Kate Douglas Wiggin: Rebecca Of Sunnybrook Farm

12. XII. "SEE THE PALE MARTYR" (continued)

But O! alas I we may not have
     The things we hope to gain;
The quiet life may come to me,
     The rush to Emma Jane!

"I don't like `the rush to Emma Jane,' and I can't think of anything else. Oh! what a smell of paint! Oh! it is ON me! Oh! it's all over my best dress! Oh I what WILL aunt Miranda say!"

With tears of self-reproach streaming from her eyes, Rebecca flew up the hill, sure of sympathy, and hoping against hope for help of some sort.

Mrs. Cobb took in the situation at a glance, and professed herself able to remove almost any stain from almost any fabric; and in this she was corroborated by uncle Jerry, who vowed that mother could git anything out. Sometimes she took the cloth right along with the spot, but she had a sure hand, mother had!

The damaged garment was removed and partially immersed in turpentine, while Rebecca graced the festal board clad in a blue calico wrapper of Mrs. Cobb's.

"Don't let it take your appetite away," crooned Mrs. Cobb. "I've got cream biscuit and honey for you. If the turpentine don't work, I'll try French chalk, magneshy, and warm suds. If they fail, father shall run over to Strout's and borry some of the stuff Marthy got in Milltown to take the currant pie out of her weddin' dress."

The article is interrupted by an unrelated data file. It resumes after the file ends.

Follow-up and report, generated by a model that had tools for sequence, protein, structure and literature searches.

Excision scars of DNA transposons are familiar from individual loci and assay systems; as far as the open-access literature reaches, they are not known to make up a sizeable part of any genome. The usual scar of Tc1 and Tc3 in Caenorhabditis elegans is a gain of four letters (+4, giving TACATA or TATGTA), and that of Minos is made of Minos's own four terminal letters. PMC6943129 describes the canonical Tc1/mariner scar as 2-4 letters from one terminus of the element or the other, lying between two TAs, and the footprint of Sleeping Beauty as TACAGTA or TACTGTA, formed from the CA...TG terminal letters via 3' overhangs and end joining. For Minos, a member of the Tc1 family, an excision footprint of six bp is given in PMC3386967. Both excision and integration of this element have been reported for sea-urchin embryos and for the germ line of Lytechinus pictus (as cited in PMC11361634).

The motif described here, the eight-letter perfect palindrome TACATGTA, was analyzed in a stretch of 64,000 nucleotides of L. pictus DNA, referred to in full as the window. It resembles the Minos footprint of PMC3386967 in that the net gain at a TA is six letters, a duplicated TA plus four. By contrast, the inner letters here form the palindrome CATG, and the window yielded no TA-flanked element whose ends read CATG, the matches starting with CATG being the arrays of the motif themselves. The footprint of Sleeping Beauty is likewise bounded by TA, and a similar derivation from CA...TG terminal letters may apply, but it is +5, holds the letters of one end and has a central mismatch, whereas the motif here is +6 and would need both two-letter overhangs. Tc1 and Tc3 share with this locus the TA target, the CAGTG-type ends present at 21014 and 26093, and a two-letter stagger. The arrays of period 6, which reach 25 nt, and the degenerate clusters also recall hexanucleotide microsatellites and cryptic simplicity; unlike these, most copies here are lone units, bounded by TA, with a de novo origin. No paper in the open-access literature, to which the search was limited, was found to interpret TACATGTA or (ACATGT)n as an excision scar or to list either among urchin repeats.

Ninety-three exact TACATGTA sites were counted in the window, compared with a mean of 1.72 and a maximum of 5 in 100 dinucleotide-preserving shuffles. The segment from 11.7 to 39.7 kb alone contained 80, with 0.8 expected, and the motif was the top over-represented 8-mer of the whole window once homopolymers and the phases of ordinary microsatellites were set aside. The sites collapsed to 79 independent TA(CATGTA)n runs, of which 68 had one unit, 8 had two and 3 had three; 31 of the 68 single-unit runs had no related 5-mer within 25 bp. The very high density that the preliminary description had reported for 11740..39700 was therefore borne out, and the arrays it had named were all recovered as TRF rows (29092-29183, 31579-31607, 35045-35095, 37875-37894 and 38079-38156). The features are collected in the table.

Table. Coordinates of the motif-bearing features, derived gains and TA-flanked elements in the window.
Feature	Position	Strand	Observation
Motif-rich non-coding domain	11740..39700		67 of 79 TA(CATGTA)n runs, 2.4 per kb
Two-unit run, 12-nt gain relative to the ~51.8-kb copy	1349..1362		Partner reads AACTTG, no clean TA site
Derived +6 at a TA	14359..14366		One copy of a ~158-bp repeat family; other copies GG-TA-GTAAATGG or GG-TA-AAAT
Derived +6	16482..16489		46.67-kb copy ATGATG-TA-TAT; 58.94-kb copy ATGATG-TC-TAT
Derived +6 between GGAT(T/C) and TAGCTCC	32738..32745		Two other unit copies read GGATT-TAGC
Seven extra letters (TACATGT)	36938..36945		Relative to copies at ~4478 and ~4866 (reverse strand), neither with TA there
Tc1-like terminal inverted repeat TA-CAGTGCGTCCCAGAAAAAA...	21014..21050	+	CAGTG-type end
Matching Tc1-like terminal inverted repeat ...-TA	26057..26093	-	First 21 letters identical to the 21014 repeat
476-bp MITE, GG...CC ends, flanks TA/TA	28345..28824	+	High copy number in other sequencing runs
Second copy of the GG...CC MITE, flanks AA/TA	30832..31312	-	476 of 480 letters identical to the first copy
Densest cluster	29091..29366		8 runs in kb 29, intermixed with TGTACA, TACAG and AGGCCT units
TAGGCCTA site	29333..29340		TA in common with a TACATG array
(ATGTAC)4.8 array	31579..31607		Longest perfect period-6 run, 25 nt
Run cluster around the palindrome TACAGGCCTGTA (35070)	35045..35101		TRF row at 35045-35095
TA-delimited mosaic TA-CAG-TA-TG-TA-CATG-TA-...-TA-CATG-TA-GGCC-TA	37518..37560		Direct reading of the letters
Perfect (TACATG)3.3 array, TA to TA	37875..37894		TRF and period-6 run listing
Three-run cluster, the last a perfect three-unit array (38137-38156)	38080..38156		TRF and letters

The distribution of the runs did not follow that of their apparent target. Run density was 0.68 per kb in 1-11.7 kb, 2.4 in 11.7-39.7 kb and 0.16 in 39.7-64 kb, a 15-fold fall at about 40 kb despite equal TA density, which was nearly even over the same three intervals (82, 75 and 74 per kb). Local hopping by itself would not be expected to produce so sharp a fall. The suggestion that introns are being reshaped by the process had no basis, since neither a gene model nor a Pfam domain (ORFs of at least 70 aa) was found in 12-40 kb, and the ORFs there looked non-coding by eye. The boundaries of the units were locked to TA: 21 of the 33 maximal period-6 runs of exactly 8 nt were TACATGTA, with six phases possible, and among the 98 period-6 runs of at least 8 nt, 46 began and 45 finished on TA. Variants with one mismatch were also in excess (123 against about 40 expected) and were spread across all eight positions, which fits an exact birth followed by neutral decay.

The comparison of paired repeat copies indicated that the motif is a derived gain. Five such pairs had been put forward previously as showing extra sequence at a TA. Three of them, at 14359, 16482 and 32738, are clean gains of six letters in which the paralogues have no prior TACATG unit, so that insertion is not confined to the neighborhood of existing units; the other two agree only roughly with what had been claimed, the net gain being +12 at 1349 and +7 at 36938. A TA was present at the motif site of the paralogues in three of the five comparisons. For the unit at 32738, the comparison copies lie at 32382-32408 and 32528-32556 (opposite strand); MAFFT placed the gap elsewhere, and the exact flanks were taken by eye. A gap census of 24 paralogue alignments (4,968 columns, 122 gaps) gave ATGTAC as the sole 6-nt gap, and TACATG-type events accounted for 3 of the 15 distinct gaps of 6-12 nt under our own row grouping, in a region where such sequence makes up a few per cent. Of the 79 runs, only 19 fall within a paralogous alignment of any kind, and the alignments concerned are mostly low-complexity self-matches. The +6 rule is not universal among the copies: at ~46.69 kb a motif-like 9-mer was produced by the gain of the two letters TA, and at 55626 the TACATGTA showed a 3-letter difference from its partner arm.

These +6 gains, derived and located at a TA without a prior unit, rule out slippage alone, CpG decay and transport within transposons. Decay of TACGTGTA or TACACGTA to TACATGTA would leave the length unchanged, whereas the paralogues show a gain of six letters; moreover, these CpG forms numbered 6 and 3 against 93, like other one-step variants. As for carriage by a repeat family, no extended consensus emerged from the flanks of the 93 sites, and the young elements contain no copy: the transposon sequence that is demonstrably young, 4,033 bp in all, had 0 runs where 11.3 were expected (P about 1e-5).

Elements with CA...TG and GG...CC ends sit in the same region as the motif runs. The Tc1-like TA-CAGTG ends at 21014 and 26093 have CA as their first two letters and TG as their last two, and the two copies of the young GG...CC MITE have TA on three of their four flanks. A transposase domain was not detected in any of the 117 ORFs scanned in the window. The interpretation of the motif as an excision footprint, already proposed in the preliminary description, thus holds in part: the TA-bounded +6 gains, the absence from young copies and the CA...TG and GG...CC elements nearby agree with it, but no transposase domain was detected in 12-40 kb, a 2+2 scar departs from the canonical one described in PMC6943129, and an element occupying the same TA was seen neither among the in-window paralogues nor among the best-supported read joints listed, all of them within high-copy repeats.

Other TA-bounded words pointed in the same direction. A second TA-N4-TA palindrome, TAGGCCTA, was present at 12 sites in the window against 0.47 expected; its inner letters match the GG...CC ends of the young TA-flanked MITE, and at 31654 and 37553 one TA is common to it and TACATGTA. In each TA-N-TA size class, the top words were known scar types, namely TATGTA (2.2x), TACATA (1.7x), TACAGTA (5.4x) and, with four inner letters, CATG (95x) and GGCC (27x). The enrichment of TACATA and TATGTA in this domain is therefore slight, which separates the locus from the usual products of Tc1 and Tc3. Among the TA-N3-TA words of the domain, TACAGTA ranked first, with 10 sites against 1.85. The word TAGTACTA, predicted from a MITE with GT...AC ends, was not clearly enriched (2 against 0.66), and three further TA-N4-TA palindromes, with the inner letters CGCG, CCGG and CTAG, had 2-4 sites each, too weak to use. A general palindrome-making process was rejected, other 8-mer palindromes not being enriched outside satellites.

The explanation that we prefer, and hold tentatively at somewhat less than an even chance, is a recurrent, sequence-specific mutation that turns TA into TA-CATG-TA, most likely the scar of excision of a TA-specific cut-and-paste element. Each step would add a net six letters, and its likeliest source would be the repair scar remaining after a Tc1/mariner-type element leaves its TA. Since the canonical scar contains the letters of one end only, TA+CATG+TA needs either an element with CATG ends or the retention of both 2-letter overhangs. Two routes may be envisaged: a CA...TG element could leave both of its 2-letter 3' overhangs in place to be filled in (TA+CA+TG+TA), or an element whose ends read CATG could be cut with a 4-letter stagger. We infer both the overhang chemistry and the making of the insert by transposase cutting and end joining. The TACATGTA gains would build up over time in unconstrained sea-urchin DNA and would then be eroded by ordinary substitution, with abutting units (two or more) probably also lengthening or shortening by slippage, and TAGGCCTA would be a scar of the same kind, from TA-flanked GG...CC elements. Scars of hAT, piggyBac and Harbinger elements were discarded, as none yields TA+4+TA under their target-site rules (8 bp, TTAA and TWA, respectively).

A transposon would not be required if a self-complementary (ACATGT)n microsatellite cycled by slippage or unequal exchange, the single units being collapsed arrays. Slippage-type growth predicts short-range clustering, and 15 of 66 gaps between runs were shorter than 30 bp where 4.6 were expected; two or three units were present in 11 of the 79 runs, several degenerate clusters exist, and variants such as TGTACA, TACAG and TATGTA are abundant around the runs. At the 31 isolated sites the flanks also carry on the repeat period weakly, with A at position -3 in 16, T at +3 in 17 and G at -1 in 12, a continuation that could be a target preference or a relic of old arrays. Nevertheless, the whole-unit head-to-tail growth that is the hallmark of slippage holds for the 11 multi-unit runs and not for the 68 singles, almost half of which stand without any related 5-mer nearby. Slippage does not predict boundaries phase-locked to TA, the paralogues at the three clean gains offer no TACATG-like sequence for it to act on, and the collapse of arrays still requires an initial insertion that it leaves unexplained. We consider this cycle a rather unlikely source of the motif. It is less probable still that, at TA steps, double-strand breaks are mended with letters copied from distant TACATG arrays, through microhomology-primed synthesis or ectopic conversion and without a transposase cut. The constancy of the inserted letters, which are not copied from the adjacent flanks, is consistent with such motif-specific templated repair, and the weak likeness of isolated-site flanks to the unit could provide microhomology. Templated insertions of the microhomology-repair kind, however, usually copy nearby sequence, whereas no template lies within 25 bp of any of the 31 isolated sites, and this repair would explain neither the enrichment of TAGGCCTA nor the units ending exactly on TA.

"I ain't got to understandin' this paintin' accident yet," said uncle Jerry jocosely, as he handed Rebecca the honey. "Bein' as how there's `Fresh Paint' signs hung all over the breedge, so 't a blind asylum couldn't miss 'em, I can't hardly account for your gettin' int' the pesky stuff."

"I didn't notice the signs," Rebecca said dolefully. "I suppose I was looking at the falls."

"The falls has been there sence the beginnin' o' time, an' I cal'late they'll be there till the end on 't; so you needn't 'a' been in sech a brash to git a sight of 'em. Children comes turrible high, mother, but I s'pose we must have 'em!" he said, winking at Mrs. Cobb.

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